Skip to Content

Colon Screening: Colonoscopy vs Virtual Colonoscopy

March 2012

by Adelina Espat

colon, colonoscopyIf you’re age 50 or older, you should get screened for colorectal cancer. But, which exam should you get?

When it comes to colorectal cancer screening exams, you’ve got choices.

Many people opt for a colonoscopy. But, virtual colonoscopy also is an approved option. And, to most people, it sounds much less invasive.

So, which should you choose? Let’s compare the two.

Colonoscopy: usually done every 10 years

When you get a colonoscopy, a doctor examines your rectum and colon with a lighted tube called a colonoscope. Your doctor inserts this tube into your rectum to look for unusual tissue changes and polyps.

Polyps are small growths on your colon wall. Left untreated, they can grow larger and become cancerous over time.

READ ALSO: Ensure success with colonoscopy prep

Pros:

  • Polyp Removal — Your doctor can detect and immediately remove polyps during a colonoscopy. And, removing polyps can help you avoid colorectal cancer.
  • Little Discomfort – You doctor can give you medication to help you stay relaxed and comfortable during the exam.

Cons:

  • Hard-to-Spot Polyps — Your doctor may not find every polyp during your exam. That’s especially true for polyps that are harder to spot, like small or flat polyps. But, a colonoscopy is still one of the most effective tests currently available.
  • Colon Cleansing — You have to cleanse your colon completely before the exam. This means you’ll take laxatives 24 hours before your colonoscopy.  And, you won’t be able to eat or drink after midnight.
  • Complications — It’s not common, but inserting the colonoscope can cause bleeding and/or tearing of the colon.
  • Insurance Coverage – The co-pay for a colonoscopy is different for each insurance provider and can sometimes be costly.

Virtual colonoscopy: usually done every 5 years

colonoscopy, colonWhen you get a virtual colonoscopy, your doctor does a CT scan of your abdomen and pelvis to create 3-D images that show polyps and other abnormalities inside your colon and rectum.

Pros:

  • Less Invasive — Your doctor will insert a tube in your rectum and colon. But, it’ll be shorter than the tube used for a colonoscopy.
  • Fewer Complications — You won’t have to worry about colonoscopy complications, such as bleeding or tearing of the colon.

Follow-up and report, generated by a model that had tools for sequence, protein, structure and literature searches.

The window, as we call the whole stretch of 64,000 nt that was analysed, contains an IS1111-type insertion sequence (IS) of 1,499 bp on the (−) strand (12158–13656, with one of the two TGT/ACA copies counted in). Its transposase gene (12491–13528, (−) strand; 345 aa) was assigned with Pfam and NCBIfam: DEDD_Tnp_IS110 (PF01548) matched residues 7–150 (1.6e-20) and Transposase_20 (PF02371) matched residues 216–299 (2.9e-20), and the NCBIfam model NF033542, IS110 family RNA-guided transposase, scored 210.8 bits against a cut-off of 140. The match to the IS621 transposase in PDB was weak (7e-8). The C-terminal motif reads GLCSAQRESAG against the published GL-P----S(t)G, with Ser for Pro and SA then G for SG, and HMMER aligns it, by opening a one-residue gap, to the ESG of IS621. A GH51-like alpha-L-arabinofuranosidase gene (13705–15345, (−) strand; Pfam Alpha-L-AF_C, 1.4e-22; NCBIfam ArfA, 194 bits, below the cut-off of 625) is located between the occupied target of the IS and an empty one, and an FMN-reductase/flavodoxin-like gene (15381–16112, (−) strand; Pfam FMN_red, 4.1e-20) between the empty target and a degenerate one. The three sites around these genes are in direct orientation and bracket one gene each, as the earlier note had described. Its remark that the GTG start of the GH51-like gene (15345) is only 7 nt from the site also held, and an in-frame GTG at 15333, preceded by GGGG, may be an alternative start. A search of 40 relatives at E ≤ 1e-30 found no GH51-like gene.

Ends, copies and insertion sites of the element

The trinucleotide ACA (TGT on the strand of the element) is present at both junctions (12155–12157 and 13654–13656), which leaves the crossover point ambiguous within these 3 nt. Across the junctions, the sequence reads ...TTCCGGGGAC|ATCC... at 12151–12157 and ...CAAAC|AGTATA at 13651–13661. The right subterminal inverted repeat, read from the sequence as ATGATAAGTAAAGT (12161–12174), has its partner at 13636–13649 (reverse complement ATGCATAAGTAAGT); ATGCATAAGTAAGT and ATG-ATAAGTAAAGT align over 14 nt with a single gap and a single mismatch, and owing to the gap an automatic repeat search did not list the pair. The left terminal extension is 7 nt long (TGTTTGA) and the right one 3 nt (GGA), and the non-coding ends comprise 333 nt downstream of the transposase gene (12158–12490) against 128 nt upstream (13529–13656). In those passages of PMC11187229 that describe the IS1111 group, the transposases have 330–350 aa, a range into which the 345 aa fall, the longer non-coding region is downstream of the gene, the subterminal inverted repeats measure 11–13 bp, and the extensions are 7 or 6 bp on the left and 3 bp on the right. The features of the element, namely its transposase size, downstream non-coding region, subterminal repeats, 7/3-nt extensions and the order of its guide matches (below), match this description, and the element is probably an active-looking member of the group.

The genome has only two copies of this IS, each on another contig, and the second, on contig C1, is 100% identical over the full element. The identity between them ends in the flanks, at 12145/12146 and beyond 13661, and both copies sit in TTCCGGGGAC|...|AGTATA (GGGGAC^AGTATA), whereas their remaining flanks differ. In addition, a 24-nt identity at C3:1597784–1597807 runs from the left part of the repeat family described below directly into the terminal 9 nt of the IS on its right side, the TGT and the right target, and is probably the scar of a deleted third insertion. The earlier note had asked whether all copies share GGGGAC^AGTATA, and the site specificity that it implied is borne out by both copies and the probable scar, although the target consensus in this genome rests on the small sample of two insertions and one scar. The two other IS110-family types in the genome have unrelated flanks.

• Spot More Than Polyps – Your doctor also can see things outside the colon. This makes it easier for your doctor to spot problems not just in the colon.

Cons:

  • Hard-to-Spot Polyps — Like the colonoscopy, this exam may miss some polyps.
  • Colon Cleansing — You’ll still need to take laxatives 24 hours before your colonoscopy.  And, you won’t be able to eat or drink after midnight.
  • Follow-up Colonoscopy — If your doctor finds a polyp or anything else unusual during your virtual colonoscopy, you’ll need to get a traditional colonoscopy to remove the polyp or perform a biopsy.
  • colonoscopyRadiation Exposure — Virtual colonoscopy exposes you to a low dose of radiation. You’ll be exposed to more radiation than a chest x-ray but far less than a conventional CT scan.
  • Insurance Coverage — Not all providers cover the costs of a virtual colonoscopy.

No test is perfect

Neither colonoscopy nor virtual colonoscopy is the perfect screening tool. In fact, no screening exam is 100% accurate. But, research shows that both exams are good options to check for and prevent colorectal cancer.

READ ALSO: Who's more likely to get colon cancer?

Start the colorectal screening discussion at your next check-up. Your doctor can help you decide which exam is best for you and share other colorectal screening options, like the fecal occult blood test (FOBT).

Remember, screening for colorectal cancer saves lives. Don’t put off this test for fear of discomfort. Either virtual or traditional colonoscopy can work for you if you follow your doctor’s recommended screening schedule and properly prepare for whichever exam you choose.

MAKE AN APPOINTMENT: Schedule an appointment for a colonoscopy, or other colon cancer exam, at MD Anderson’s Cancer Prevention Center. Call 713-563-5360 or request an appointment online.


© 2014 The University of Texas MD Anderson Cancer Center